Over a year ago, Lily set out to prove her coaches wrong and to get back on the water. Those coaches never let her back on the water. So, she found someone who did and worked with her every Saturday. And then, she got even braver and left the team that left her on the dock.
And today, she rowed with that team.
Since Lily began practicing with her new team, we've told other parents bits and pieces of her story--no this isn't her first year; yes, she is rowing novice; no, we've never been to a regatta, but Lily has. This week I went for it and told her full story--brain tumor, shunt failure, no one believing in her, but Lily believing in herself. The story is hard for me to tell for so many reasons. Just saying the word brain tumor produces a myriad of emotions and misconceptions. Mentioning a late-term complication from my brain tumor that is brain surgery produces even more misconceptions. And then, I don't want to throw shade or negativity on her past team. It's poor sportsmanship--right--to be negative about coaches who simply wouldn't play your child. Of course, Lily's story is more complicated than that, but still, I try my best to avoid that.
After today, I think I can bless them and release them. They missed the plot with Lily--and that's a damn shame for them. But, you know, things have a way of working out. Because without them and their rejection, Lily would not have the opportunities and experiences she has had this past year.
While she was sidelined, she talked to so many other teammates who were going through tough times and learned more about their journeys. When she wanted time on the water, she was able to work with the amazing, incredible Brannon Johnson, founder of BLJ Community Rowing. BLJ is the only African American-owned and operated organization in the country. Their belief: when options are given, options can be created and making rowing accessible is their priority.
Brannon spoke the language of Lily's life--bringing rowing to the marginalized, making the river accessible to all and this intense, incredible belief in all people to be able to live their best lives.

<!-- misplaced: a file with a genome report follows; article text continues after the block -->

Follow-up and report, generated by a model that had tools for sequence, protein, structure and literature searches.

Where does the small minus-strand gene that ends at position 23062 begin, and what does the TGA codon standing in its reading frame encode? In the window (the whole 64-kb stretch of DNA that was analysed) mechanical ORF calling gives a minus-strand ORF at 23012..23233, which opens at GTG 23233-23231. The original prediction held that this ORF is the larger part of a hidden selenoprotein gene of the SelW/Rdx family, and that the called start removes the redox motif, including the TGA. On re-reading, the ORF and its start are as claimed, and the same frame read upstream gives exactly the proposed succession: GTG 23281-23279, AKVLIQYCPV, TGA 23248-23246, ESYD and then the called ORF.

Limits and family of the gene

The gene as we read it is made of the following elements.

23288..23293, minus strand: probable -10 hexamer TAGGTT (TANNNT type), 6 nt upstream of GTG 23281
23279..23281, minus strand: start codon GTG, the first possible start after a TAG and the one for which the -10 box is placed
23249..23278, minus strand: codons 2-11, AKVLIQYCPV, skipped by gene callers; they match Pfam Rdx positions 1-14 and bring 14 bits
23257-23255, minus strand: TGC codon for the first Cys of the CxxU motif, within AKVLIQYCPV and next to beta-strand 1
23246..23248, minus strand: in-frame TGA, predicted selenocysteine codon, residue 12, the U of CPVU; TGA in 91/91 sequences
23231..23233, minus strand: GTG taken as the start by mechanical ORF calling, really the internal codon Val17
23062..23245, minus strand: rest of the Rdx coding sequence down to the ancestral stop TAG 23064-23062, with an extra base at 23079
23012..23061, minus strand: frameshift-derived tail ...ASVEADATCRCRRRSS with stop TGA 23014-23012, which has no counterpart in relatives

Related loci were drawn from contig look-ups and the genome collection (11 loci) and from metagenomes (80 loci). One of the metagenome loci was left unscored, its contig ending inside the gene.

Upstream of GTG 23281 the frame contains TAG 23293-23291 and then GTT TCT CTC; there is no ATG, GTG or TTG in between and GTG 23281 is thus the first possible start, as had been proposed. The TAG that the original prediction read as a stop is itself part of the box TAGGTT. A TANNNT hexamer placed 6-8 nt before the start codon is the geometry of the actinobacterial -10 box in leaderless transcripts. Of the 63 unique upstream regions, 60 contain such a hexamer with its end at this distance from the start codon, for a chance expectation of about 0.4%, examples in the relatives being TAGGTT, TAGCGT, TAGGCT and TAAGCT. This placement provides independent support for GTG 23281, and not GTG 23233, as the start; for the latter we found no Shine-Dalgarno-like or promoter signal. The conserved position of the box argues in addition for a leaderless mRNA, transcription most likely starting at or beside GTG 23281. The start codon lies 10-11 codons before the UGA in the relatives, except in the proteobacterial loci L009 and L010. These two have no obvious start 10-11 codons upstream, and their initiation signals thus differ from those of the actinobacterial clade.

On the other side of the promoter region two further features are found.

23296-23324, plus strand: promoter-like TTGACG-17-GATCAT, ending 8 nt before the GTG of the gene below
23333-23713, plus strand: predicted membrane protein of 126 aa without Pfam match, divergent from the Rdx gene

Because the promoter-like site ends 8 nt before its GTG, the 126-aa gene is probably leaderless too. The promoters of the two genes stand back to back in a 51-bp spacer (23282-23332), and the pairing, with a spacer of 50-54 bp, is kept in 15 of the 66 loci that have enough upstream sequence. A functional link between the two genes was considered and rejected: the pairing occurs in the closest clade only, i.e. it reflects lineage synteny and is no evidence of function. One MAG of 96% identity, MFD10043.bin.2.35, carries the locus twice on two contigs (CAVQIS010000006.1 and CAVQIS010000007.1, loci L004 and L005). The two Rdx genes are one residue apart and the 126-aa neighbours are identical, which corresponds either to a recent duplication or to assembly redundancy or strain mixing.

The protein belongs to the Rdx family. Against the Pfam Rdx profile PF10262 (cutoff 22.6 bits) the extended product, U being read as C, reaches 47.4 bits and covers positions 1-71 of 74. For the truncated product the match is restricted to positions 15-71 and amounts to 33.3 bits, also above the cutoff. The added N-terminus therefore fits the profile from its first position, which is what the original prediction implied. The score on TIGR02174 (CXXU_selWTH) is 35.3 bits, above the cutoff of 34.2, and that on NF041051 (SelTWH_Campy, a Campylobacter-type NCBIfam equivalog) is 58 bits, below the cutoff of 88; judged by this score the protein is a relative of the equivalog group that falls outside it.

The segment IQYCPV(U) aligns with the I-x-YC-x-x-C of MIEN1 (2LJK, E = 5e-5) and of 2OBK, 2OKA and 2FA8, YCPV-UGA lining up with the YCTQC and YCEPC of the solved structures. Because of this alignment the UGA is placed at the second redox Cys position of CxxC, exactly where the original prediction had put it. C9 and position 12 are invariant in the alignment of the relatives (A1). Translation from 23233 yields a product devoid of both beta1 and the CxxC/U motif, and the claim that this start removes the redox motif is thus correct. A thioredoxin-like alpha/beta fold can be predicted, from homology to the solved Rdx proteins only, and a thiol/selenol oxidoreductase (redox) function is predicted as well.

Rowing changes lives, friends. It's changed every single one of us.
Lily's time with Brannon gave her so much confidence. And Brannon treated Lily with dignity and respect. I know these things should always happen; but they don't. Words like "brain tumor" and "ataxia" and "right-side weakness" seem to often take dignity and respect off the table. It is truly what makes childhood cancer so evil; the disease itself and the world's perception of how the disease somehow makes you less than a human being deserving of everything you dream.
And Lily, well, she dreams of rowing. She dreams of rowing on the Charles. She dreams of rowing in the cancer survivor race. She dreams of rowing always and forever.
I love dreamers; but even more, I love the dreamers who make their dreams come true. While Lily truly has a team behind her, she is the one who does the work. She shows up when she knows it will be hard. She works through the pain--real pain from a hand that sometimes cramps and a hip that likes to ache. She pulls and pushes and rows and rigs and derigs and loads and cheers and prays and puts the work in to make her dreams come true.
When Lily decided it was time to leave her first team, she moved to a new team and found a community of rowers from all over South Jersey. She found a coach who is a former Olympian--but even more, a strong woman who cares about giving her rowers respect and lessons in teamwork, camaraderie and getting down that river quickly. She found a community where she has started to share her story and its complications and instead of finding fear, she finds solutions and support.
It is these opportunities that have been made possible by a bunch of closed doors. And it is these opportunities that will keep my daughter dreaming and doing and succeeding with every single stroke.
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